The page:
David has contributed many excellent, provocative writings and first-person accounts for people struggling with anorexia/bulimia (a/b), their loved ones, and the practitioners who work with them. Biting the Hand that Starves You: Inspiring Resistance to Anorexia/Bulimia, co-authored with Rick Maisel and Ali Borden, draws from the authors’ decade-and-a-half collaboration with ‘insiders,’ offering fresh answers to life and death questions such as: “How does a/b seduce and terrorize girls and women? Why is a/b successful in encouraging girls and women to unwittingly embrace their would-be murderer? How can such a murderer be exposed and thwarted?”
In 1997, Dean Lobovits, and Jennifer Freeman joined David to co-create the Archives of resistance: Anti-anorexia/Anti-bulimia, which disseminates hope and offers further readings, poems, and art for personal and professional use.
And here are three more favorites:
1- A Polemics Of Life And Death by David Epston & Rick Maisel was published in (2009), Malson, H. and Burns, M., Critical Feminist Approaches to Eating Dis/orders, London, Routledge
2- Bearing Witness is based on the Plenary Address to the Australian & New Zealand Academy of Eating Disorders, Adelaide, 20th October 2006). This piece was published in Epston, D. (2008), Down Under and Up Over: Travels with Narrative Therapy, Warrington, United Kingdom; Association of Family Therapy(UK).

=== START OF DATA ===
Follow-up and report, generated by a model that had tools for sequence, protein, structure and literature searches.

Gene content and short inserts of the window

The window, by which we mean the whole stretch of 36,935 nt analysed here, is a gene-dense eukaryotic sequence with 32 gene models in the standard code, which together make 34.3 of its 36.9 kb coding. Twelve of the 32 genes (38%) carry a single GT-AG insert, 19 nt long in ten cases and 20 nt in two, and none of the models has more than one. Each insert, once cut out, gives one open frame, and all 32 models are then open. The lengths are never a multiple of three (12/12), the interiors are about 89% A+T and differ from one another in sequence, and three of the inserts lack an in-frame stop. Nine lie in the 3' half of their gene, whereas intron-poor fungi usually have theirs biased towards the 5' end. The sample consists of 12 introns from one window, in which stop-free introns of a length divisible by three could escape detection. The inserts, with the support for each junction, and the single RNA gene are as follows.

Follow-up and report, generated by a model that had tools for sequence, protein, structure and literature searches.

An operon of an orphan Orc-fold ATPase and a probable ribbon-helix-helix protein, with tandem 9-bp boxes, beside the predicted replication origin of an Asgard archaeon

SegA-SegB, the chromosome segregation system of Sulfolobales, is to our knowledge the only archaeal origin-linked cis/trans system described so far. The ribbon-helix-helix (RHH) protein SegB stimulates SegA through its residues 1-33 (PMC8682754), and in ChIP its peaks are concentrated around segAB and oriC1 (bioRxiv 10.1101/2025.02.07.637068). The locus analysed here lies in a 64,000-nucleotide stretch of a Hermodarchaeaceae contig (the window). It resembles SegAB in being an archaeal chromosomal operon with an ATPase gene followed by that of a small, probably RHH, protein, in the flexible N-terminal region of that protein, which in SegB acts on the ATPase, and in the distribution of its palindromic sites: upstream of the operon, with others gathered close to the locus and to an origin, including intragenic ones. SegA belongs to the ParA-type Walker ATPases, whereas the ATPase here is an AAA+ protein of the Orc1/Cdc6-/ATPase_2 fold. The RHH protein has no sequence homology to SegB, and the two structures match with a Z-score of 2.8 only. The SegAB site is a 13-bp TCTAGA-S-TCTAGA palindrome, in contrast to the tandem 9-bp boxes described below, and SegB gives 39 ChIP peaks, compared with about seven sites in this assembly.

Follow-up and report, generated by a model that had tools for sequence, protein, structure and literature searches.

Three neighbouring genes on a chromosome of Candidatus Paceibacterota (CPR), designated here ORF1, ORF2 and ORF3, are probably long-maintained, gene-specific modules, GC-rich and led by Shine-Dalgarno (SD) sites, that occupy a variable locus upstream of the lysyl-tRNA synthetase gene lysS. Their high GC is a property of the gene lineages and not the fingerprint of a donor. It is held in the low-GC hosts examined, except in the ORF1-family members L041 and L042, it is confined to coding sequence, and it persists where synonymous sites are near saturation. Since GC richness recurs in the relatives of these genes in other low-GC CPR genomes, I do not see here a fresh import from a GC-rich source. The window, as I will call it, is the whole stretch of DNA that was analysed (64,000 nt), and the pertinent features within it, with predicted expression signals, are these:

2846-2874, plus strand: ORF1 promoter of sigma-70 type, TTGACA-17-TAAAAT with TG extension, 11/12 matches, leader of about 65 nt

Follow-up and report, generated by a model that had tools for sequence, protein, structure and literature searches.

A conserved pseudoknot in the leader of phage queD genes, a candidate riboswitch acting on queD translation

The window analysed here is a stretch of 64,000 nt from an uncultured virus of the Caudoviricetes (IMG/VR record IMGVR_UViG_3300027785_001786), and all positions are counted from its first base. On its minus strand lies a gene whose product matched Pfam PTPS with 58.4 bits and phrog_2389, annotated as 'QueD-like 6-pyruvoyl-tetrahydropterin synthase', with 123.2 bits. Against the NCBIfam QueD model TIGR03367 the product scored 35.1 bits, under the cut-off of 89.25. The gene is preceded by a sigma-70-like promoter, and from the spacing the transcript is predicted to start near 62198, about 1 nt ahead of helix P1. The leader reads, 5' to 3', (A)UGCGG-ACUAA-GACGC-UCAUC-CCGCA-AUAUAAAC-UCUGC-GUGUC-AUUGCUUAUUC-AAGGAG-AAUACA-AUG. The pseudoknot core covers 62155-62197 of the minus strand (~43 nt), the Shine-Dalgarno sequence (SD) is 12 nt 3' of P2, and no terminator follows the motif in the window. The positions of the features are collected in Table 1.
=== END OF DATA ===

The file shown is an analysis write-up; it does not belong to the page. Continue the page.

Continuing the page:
3- Unsuffering: “Are you ‘unsuffering’ your life through your thoughts and deeds? Should we introduce ‘unsuffer’ into the discourse of anti-anorexia/anti-bulimia (anti-a/b)? And the world at large? I am very intrigued by such a prospect…are you?”….Read more of this conversation that mostly took place between 26/05/07 and 22/08/2007 between Julie King and David Epston.
Julie King had suffered from anorexia/bulimia for over thirty years. However, her daughter was hospitalized on 40 occasions with her life in peril between the ages of 14-18. I was engaged in an email conversation with Julie over several years to assist her in her attempts to save her daughter’s life and in fact her own. Her daughter has not returned to hospital for the last 2 years and currently is living away from home in a relationship and attending one of the best Art Schools in Melbourne, Australia. She has never been happier than she is now. Julie has re-enrolled to complete her Masters degree in Psychology which she had to abandon over this period of time.